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Proposed New Local Rules for the Southern District of New York

October 13, 2016

Authors

Justin Morgan

Proposed New Local Rules for the Southern District of New York

October 13, 2016

by: Justin Morgan

The United States Bankruptcy Court for the Southern District of New York recently announced proposed amendments to its local rules.  The proposed amendments will not take effect until December 1, 2016, but we could not wait to take a peek at the future of practice in the Southern District.  (And for those of you who are rules junkies, here and here are prior posts on FRBP changes applying to all courts, from earlier this year.)

The future looks largely like the present—do not expect wholesale changes or many new rules.  The most significant changes clarify procedures such as motions to redact identifying or confidential information and reorder the rules governing notices of presentment.  Comments will be accepted until November 14, 2016, so it is possible additional changes could be made.  Here are some of the most significant changes:

L.R. 1002-1(b) will be added, which will require, if

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This Just In – Supreme Court to Provide Clarity on Whether Collection of Time-Barred Debts in Bankruptcy Violates the Fair Debt Collection Practices Act.

October 11, 2016

Authors

Mark Duedall

This Just In – Supreme Court to Provide Clarity on Whether Collection of Time-Barred Debts in Bankruptcy Violates the Fair Debt Collection Practices Act.

October 11, 2016

by: Mark Duedall

jabez-stoneWe all remember The Devil and Daniel Webster – the Devil comes to collect a seven year old debt (secured by Jabez Stone’s soul), only to be foiled by the great trial lawyer Daniel Webster – thanks to a skilled litigator, the old debt is forgiven!

But that isn’t the only example of years’ old debt becoming a real matter of contention.  Earlier today, the Supreme Court granted certiorari on an issue that (a) is pretty important in the world of consumer debt collection, and (b) makes some folks pretty darn furious. The issue is this:  if you file a proof of claim in a bankruptcy case, and you know such claim is barred by the applicable statute of limitations, are you committing a “misleading” or “unfair” practice under the Fair Debt Collection Practices Act (FDCPA)?  (Coverage of the case and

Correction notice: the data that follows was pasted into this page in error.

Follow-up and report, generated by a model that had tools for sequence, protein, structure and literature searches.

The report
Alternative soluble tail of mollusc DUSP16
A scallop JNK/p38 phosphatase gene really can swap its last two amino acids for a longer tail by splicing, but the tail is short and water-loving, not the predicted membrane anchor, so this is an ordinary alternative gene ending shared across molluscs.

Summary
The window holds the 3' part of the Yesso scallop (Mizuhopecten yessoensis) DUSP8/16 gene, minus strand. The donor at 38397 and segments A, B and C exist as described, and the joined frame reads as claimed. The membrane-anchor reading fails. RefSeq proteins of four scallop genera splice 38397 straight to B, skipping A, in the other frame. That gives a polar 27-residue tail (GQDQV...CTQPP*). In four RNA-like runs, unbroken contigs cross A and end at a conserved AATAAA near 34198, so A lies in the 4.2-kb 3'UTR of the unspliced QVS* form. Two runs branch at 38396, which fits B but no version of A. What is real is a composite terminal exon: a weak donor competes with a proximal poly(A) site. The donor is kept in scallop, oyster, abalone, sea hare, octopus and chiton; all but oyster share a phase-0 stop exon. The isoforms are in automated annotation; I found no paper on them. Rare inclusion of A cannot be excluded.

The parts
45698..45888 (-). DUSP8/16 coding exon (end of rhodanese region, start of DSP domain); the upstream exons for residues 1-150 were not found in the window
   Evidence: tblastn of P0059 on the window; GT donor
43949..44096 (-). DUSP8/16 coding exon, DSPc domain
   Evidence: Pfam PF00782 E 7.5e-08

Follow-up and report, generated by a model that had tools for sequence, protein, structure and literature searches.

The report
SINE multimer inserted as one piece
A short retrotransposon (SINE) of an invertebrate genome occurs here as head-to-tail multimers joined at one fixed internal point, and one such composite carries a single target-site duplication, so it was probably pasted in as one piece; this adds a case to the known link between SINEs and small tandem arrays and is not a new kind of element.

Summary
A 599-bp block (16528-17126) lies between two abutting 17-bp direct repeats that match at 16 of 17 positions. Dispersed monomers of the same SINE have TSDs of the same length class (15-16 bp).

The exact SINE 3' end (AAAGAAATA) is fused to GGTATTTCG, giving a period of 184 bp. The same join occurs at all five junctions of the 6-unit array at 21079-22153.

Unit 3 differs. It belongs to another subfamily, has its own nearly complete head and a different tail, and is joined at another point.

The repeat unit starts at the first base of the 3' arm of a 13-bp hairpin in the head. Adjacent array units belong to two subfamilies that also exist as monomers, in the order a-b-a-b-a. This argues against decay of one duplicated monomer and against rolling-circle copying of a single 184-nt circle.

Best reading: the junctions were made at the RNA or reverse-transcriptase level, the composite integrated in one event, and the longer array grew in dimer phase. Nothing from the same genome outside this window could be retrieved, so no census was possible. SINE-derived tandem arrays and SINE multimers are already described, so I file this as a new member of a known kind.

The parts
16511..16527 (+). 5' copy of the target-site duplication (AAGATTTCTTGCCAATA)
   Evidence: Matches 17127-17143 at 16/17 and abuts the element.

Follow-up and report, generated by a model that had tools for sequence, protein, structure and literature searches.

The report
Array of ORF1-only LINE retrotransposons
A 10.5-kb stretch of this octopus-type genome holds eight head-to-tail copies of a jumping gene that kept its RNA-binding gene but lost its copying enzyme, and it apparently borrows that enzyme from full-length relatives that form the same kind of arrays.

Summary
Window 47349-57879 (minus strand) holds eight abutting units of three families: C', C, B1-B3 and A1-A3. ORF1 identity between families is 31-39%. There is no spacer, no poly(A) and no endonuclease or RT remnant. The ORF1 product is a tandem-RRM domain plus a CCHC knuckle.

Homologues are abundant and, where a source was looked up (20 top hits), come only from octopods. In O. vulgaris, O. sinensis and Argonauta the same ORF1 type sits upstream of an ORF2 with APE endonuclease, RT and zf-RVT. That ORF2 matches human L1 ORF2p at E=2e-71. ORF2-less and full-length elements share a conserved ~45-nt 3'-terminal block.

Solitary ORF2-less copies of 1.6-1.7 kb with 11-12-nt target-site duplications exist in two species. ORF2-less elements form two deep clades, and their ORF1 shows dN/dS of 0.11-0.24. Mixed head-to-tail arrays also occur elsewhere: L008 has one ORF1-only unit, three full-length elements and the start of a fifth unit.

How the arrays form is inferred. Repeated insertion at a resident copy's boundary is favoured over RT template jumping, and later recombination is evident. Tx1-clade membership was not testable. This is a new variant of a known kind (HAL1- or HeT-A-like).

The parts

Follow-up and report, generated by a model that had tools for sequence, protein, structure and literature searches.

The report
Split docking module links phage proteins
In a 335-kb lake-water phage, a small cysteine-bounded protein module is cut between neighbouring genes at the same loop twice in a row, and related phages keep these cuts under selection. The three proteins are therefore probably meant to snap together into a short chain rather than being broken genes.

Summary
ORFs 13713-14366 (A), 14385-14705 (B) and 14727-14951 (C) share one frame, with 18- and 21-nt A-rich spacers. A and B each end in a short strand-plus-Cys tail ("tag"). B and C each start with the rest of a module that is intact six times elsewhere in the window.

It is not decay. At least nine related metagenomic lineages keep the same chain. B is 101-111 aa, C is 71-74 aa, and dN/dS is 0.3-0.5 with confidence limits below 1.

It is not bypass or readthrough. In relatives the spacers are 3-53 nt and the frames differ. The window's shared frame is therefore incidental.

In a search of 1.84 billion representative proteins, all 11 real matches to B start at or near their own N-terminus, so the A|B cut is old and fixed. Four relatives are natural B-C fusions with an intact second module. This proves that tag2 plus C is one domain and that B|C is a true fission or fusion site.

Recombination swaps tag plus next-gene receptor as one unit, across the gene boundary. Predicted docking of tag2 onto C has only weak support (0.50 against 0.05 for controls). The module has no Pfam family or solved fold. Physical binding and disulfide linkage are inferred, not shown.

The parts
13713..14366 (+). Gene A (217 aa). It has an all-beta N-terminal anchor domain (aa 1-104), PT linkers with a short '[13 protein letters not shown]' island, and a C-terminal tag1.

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Defending A Preference Action – Can You Setoff Post-Petition Amounts Owed by the Debtor Against Your Preference Liability?

September 21, 2016

Authors

Natalie Daghbandan

Defending A Preference Action – Can You Setoff Post-Petition Amounts Owed by the Debtor Against Your Preference Liability?

September 21, 2016

by: Natalie Daghbandan

All bankruptcy lawyers (and most long-suffering trade creditors) know that creditors who receive payments from a debtor within the “preference period” – 90 days before a voluntary bankruptcy case was filed, or 1 year if the creditor is an “insider” of the debtor – are at risk of lawsuit to return those payments to the bankruptcy estate. Pre-petition claims the creditor hold are no automatic defense.  However, the Bankruptcy Court for the District of Delaware recently ruled, as a matter of first impression in that Court, that an allowed post-petition claim of the creditor can be used to set off the creditor’s preference liability. See Official Comm. of Unsecured Creditors of Quantum Foods, LLC v. Tyson Foods, Inc. (In re Quantum Foods, LLC), 2016 WL 4011727 (Bankr. D. Del. Jul. 25, 2016).  Here is a copy of the case.

The background of the case is simple. The

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Stern Amendments to Bankruptcy Rules

September 19, 2016

Authors

James Maloney